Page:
When learning to shave someone using a straight razor, the popular advice is to put shaving cream on a balloon. If you can’t get the cream off without popping it, you’re not doing it right.
But Ray Anne Marcoux disagrees.
“I wouldn’t even think of using a balloon. It’s not the same,” she said. “Now, if you can shave the fuzz off a peach without ripping the skin, you’re going to be fine.”
A peach is perfect because not only does it more closely resemble human skin, but its surface also replicates the divots, dimples and curves of a real person’s face. Ray Anne said sometimes it can even be done without the cream, if you guide the razor just so.
Ray Anne is old school. And that’s precisely what sets Rayzors Traditional Barbershop apart, which she and her husband, Barry, opened earlier this month in Lake Cowichan.
It’s been a whirlwind autumn for the pair. Just a few months ago they never could have imagined they’d be living and opening a business here at the Lake. Ray Anne had never been to Lake Cowichan before and Barry only once.
“It literally came to me in a dream,” said Barry.
He and Ray Anne were living in Victoria and looking to open a barbershop, and one night in early September Barry dreamt about Lake Cowichan. Upon waking, with the lake still on his mind, he did a quick google search of the town and no barbershops came up. The couple decided they’d take a drive up; if nothing else, it would be a beautiful day trip and after all, Ray Anne had never been. They scoped out a few possible locations, but nothing grabbed them. Until they pulled into Country Grocer to get some lunch.
When Ray Anne returned to the car with some sandwiches, Barry was pointing at a For Rent sign in the storefront between Lake Cowichan Chiropractic and the BC Liquor Store.
“It was perfect,” Barry said. “In our business, you need an anchor. Something nearby — a grocery store, a liquor store, a bank — that draws people in. Well we found a location surrounded by all three.”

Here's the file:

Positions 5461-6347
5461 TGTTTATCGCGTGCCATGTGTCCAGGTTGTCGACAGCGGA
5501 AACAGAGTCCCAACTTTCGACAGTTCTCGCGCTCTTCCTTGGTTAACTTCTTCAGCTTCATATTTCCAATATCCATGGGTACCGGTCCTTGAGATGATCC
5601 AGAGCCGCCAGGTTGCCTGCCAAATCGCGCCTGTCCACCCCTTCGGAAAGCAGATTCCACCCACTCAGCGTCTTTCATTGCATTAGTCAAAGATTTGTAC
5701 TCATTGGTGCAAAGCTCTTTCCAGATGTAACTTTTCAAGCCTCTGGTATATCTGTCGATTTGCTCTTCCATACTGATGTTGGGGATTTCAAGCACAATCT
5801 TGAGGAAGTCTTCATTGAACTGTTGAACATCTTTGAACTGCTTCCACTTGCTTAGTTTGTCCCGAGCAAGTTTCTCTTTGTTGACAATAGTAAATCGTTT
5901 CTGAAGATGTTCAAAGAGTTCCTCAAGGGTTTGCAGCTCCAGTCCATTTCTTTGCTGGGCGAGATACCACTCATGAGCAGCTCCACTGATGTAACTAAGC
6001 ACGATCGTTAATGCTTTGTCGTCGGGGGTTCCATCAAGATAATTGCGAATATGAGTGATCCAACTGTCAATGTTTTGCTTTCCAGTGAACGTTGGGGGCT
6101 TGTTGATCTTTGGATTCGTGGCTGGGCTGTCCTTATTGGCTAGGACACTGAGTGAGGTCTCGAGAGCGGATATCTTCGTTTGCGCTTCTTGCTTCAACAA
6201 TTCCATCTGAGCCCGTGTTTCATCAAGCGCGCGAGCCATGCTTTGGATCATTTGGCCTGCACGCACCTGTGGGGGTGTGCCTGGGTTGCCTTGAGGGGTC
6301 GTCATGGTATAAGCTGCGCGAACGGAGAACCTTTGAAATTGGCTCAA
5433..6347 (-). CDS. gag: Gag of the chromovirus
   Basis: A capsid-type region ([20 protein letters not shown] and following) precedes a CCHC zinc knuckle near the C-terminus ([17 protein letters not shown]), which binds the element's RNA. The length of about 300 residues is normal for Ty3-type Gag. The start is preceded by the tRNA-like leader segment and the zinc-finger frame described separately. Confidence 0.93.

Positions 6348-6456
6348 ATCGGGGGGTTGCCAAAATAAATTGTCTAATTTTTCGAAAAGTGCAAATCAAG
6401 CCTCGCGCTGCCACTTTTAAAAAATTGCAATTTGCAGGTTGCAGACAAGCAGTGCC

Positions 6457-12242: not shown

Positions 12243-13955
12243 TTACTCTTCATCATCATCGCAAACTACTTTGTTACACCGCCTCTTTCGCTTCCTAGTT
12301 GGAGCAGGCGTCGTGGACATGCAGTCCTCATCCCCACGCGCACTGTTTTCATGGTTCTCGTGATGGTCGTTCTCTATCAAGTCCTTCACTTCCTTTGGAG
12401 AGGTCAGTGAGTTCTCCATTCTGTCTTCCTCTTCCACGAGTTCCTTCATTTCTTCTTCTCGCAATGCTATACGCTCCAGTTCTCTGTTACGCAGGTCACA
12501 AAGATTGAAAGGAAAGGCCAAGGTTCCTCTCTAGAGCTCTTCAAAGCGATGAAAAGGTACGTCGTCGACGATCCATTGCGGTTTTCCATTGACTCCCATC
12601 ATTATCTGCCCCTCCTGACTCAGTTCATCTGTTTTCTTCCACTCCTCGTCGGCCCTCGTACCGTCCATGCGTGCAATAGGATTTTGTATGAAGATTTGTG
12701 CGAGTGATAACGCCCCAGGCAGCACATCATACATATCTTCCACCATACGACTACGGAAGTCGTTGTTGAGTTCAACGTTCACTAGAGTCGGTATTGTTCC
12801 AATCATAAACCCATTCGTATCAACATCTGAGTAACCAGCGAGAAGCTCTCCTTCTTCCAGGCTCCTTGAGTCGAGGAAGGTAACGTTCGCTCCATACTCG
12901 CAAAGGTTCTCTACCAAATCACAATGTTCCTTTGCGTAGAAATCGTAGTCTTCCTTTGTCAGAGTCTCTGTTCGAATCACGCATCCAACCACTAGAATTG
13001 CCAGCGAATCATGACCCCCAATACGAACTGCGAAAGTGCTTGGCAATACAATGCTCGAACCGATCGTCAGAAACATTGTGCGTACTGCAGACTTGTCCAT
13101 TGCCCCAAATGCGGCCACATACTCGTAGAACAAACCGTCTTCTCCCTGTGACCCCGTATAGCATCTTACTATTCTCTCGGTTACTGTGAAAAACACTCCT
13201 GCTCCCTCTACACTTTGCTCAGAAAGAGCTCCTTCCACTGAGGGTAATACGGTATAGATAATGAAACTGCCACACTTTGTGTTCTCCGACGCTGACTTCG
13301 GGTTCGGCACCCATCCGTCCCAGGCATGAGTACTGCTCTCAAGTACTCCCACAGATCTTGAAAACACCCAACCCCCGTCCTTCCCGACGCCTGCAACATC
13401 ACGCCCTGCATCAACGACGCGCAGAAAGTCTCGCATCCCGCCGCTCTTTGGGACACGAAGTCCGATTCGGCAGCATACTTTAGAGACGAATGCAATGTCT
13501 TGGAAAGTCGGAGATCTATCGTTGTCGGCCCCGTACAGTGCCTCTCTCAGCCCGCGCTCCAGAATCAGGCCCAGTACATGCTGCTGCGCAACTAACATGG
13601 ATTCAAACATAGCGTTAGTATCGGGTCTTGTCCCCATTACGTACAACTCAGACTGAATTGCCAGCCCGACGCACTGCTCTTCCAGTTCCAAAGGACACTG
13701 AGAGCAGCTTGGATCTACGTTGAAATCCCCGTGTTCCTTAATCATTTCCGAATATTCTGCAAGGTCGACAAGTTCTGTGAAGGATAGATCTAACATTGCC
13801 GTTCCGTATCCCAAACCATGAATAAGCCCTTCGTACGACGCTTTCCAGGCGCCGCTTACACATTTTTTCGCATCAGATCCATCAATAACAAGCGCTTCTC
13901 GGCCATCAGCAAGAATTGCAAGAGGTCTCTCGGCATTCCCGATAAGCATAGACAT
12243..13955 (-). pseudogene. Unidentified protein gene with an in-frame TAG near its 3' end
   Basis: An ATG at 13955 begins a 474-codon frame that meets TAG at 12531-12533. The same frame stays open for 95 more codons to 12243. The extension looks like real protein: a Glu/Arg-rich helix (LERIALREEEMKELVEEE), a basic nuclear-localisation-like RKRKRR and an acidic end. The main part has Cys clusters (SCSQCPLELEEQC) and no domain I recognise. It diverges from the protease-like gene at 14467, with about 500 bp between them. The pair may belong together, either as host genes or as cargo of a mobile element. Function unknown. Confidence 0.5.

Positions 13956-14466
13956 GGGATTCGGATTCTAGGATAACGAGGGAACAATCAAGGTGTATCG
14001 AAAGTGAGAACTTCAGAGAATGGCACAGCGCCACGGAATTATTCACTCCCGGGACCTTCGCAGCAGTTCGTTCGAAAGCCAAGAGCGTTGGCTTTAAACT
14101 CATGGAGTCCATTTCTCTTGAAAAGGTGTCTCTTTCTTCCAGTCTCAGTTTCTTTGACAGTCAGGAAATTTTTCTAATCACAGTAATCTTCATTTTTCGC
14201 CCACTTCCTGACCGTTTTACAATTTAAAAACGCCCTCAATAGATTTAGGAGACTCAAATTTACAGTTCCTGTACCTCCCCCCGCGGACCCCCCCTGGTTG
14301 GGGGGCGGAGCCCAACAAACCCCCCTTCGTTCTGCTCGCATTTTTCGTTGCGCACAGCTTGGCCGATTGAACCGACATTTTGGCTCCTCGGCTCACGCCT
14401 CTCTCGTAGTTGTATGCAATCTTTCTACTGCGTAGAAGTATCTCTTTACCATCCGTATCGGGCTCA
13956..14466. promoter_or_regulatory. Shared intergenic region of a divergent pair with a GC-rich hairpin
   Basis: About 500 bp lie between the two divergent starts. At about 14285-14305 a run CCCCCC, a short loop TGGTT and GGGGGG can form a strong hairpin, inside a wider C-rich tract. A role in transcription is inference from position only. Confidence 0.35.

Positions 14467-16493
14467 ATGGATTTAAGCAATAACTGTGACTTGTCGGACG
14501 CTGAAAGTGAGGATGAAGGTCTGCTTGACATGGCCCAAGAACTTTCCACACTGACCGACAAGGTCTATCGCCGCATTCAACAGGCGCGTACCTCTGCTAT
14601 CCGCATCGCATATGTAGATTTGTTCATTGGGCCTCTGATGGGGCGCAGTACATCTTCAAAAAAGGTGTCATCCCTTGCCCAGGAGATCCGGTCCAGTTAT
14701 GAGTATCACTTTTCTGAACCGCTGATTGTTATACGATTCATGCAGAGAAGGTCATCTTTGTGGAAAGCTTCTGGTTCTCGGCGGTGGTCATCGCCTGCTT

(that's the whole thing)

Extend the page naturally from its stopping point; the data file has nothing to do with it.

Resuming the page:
Everything felt right, including the community. They found the people friendly and they loved the prospect of all the outdoor activities available to them here.
In less than a month, they had moved up from Victoria, and Barry — a renovator who will be opening his own business in the new year — was designing and building Rayzors. They’re a team, with Ray Anne behind the chair and Barry behind the scenes.
Originally from Montreal, they moved to the west coast in 1997 and fell in love with it. Most of that time has been spent in Victoria and the surrounding area, although they did spend three years in Shawnigan Lake, so they aren’t totally unfamiliar with small town living.
“We’re from the big city, but our hearts are in the country,” said Barry.
Ray Anne got her start as a barber 30 years ago in Montreal, under the tutelage of two Italian immigrant barbers. In that city, barbers and hair dressers weren’t required to have a licence — “If you’re good, everybody finds out. If you’re bad, everybody finds out” — which meant when Ray Anne wanted to work in her town, just outside Montreal, she needed proper certification.
“So I went back to school and started with hairstyling because you figure it’s everything,” she said. But after school, she quickly learned that working in a salon was not for her. “Then I saw an advert for a barbershop and I thought, ‘What the heck. How different can it be?’ Very different. And it was a difference that I really, really enjoyed.”
Ray Anne found it easier to work with men. Her father was a mechanic with his own business and she was more-or-less raised in the garage; she freely describes herself as being a little rough around the edges, and the environment of a traditional barbershop suited her perfectly.
“The clients come because they need a hair cut, not their life changed,” she said. “It’s very straightforward, very honest. There’s a lot more honesty in a barbershop chair than in a hair salon chair.”
Rayzors offers haircuts, beard trims, and also hot towel shaves. What makes theirs a “traditional” barbershop? Barry said part of it is being greeted with a smile and being brought into the conversation, whether you’re in the chair or waiting for your turn. There’s no loud music blaring, no wifi.
But the biggest difference is having skills with a razor.
“I find what separates a stylist from a barber is that ability to pick up a straight blade,” said Ray Anne.
And the precision to shave a peach, not a balloon.